Black History and Law Enforcement (1)

Rico Lewis

William B. Lindsay – 
Lindsay is a trailblazer for law enforcement, as he was the first-known and honorable African American to troop for Illinois. In the middle of injustice and racial segregation against African Americans, he was able to accomplish this achievement in 1941. So, he is one memorable figure that have opened opportunities for inspiring African American officers and troops across the country. He was able to reach higher ranks in law enforcement till 1992, he decided to retire at the rank of Captain.

Georgia Ann Robinson –
Robinson is one of the figures for inspiring women of color, especially African American women, as she was the first African American woman to be appointed a police officer at Los Angeles Police Department. She was able to reach this goal by expressing her dedicated and caring nature, she aided in many communities especially for women and girls. Her impressive work allowed her to become a fully-fledged officer after being a volunteer for a while. Though, after she was blinded by an inmate, her career was cut short. However, she continued to help women and girls and joined the NAACP in a fight to desegregate the LA school system. Even after being blinded, she expresses no regrets. (June 10, 1919- September 21, 1961)

James A. Thomas –
Thomas worked as the first African American DOC (Department of Corrections) Warden; in result he is one honorable figure for New York City. Not only did he focus on law enforcement in his lifetime, but he served in the military as well, in the middle of WWII as a tank corps sergeant. After his contribution to law enforcement and the military, he fought for equality through civil right services. His first assignment in correction happened in the New York City Penitentiary, 21 years later he became a Warden, and eventually was honored 43 years later as that penitentiary bared his name. (1946, was promoted to that rank in 1965, to be a warden)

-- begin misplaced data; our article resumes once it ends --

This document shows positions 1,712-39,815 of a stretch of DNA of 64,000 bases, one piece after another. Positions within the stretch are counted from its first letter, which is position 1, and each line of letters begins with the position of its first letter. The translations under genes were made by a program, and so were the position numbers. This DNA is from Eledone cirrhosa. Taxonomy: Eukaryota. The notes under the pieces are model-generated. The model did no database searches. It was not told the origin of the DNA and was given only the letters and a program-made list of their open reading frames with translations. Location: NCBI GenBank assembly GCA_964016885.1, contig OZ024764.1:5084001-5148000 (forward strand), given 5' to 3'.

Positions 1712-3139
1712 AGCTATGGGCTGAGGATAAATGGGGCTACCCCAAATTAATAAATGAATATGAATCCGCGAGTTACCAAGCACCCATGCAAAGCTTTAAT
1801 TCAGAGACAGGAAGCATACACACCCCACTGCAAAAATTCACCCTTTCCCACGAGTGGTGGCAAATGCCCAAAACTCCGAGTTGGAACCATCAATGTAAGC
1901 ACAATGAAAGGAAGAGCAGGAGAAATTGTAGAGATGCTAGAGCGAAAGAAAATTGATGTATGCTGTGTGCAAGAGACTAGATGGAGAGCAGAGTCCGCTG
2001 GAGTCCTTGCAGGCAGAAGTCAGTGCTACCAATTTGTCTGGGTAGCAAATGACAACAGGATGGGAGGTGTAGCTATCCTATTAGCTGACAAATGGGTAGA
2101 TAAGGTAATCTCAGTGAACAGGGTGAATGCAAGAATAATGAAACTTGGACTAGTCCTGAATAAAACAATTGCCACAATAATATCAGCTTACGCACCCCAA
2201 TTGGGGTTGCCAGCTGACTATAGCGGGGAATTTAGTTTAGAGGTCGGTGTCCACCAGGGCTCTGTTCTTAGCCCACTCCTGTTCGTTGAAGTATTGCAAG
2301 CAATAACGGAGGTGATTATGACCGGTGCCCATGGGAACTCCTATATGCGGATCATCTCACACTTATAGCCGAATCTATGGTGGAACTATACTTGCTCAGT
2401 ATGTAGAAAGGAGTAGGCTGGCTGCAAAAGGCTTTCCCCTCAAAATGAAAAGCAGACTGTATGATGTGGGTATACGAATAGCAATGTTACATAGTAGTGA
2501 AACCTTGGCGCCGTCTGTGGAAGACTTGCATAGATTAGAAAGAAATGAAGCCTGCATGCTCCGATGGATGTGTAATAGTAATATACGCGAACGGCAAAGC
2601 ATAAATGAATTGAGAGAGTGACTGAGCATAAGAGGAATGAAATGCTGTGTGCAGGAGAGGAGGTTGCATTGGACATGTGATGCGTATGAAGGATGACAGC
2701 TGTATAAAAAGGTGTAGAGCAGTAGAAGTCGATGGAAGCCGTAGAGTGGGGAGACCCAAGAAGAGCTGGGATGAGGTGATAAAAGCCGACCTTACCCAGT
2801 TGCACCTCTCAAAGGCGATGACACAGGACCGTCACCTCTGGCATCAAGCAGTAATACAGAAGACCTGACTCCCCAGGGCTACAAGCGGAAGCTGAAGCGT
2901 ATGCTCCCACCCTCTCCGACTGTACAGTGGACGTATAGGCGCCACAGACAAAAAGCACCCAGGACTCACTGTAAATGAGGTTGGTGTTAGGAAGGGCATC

Samuel Jesse Battle-
Battle is the first black police officer in New York City, despite racism and ignorance from the department, Battle worked his way up the ranks of the department and successfully made a name for himself. His efforts to keep going came with discrimination and hate from the public as well, he was threatened regularly yet kept working as an officer of New York City. Battle was the first black sergeant in 1926, the first black lieutenant in 1935, and the first black parole commissioner in 1941. He kept going until 1951, he retired and is known as the highest-ranking African American on the force at the time. In 2009, a New York avenue was named after him for his achievements, a corner near this avenue was a spot where he saved a white officer’s life during a racial fight in 1919.